Researchers have discovered that Leonardo da Vinci’s Mona Lisa masterpiece contains toxic paint.
The new study says that a recent analysis of both the Mona Lisa and the Last Supper suggests that the renowned Renaissance painter experimented with lead.
The experts say that he created a rare compound called plumbonacrite to form beneath the surface of his works.
Newsflash obtained a statement from the American Chemical Society on 11th October saying: “Leonardo da Vinci is renowned to this day for innovations in fields across the arts and sciences.
“Now, new analyses published in the Journal of the American Chemical Society show that his taste for experimentation extended even to the base layers underneath his paintings.
“Surprisingly, samples from both the ‘Mona Lisa’ and the ‘Last Supper’ suggest that he experimented with lead(II) oxide, causing a rare compound called plumbonacrite to form below his artworks.”
The statement also said: “An aura of mystery has surrounded the paints and pigments in da Vinci’s studio, leading scientists to scour his writings and artwork to search for clues.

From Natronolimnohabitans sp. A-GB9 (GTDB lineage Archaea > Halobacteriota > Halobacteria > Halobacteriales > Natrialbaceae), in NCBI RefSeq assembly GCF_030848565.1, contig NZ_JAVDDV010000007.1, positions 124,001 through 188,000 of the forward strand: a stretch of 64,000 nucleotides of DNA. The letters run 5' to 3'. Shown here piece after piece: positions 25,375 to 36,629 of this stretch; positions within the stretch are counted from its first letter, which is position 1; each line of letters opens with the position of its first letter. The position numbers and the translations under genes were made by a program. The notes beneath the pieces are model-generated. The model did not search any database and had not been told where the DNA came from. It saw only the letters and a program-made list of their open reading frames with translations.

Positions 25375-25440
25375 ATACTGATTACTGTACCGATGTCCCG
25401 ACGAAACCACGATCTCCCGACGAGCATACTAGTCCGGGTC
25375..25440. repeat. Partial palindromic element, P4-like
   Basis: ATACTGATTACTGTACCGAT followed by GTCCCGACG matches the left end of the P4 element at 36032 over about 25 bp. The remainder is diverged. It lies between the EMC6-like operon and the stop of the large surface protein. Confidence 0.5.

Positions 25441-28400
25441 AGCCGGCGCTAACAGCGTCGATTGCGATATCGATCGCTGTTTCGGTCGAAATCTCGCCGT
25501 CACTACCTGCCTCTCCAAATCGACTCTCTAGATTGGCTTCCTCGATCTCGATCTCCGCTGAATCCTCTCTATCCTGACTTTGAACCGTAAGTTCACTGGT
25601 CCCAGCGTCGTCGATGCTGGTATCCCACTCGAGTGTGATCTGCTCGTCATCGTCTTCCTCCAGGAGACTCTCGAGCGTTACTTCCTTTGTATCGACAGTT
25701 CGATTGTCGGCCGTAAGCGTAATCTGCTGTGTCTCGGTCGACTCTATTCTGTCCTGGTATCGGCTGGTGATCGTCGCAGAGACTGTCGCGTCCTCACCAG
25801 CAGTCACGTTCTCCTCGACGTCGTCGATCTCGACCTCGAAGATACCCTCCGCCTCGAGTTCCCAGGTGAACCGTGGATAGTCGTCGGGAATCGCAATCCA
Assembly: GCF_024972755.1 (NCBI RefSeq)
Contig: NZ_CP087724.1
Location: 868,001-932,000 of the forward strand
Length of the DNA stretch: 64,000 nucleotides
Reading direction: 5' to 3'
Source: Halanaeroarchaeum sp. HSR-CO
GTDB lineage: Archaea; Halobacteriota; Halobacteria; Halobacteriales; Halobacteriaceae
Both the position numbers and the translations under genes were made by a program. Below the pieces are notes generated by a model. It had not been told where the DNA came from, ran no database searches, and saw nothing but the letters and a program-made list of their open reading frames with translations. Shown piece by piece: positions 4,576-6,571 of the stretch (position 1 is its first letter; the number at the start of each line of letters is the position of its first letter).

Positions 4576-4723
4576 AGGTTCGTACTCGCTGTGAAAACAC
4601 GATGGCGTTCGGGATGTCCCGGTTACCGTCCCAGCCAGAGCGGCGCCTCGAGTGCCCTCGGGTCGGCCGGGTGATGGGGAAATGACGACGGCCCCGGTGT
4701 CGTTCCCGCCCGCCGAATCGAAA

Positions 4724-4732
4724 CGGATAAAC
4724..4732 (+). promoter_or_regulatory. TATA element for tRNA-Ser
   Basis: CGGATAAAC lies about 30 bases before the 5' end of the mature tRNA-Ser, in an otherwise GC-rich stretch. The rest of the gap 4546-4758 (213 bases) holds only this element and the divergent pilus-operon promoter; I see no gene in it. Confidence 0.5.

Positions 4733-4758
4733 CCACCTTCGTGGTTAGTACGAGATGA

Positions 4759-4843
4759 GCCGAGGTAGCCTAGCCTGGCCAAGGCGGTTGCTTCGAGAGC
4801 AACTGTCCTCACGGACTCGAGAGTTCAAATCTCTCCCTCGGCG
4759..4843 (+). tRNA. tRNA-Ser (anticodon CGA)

“Many paintings from the early 1500s, including the ‘Mona Lisa’, were painted on wooden panels that required a thick, ‘ground layer’ of paint to be laid down before artwork was added.
“Scientists have found that while other artists typically used gesso, da Vinci experimented by laying down thick layers of lead white pigment and by infusing his oil with lead(II) oxide, an orange pigment that conferred specific drying properties to the paint above.
“He used a similar technique on the wall underneath the ‘Last Supper’ — a departure from the traditional, fresco technique used at the time.
“To further investigate these unique layers, Victor Gonzalez and colleagues wanted to apply updated, high-resolution analytical techniques to small samples from these two paintings.”
The statement continued: “While painters were known to add lead oxides to pigments to help them dry, the technique has not been proved experimentally for paintings from da Vinci’s time.
“In fact, when the researchers searched through his writings, the only evidence they found of PbO was in reference to skin and hair remedies, even though it’s now known to be quite toxic.
“Though he might not have written it down, these results demonstrate that lead oxides must have had a place on the old master’s palette, and might have helped create the masterpieces we know today.”
The new study was published in the Journal of the American Chemical Society titled ‘X-ray and Infrared Microanalyses of Mona Lisa’s Ground Layer and Significance Regarding Leonardo da Vinci’s Palette’.
It was authored by Victor Gonzalez, Gilles Wallez, Elisabeth Ravaud, Myriam Eveno, Ida Fazlic, Tiphaine Fabris, Austin Nevin, Thomas Calligaro, Michel Menu, Vincent Delieuvin, and Marine Cotte and was published on 11th October.
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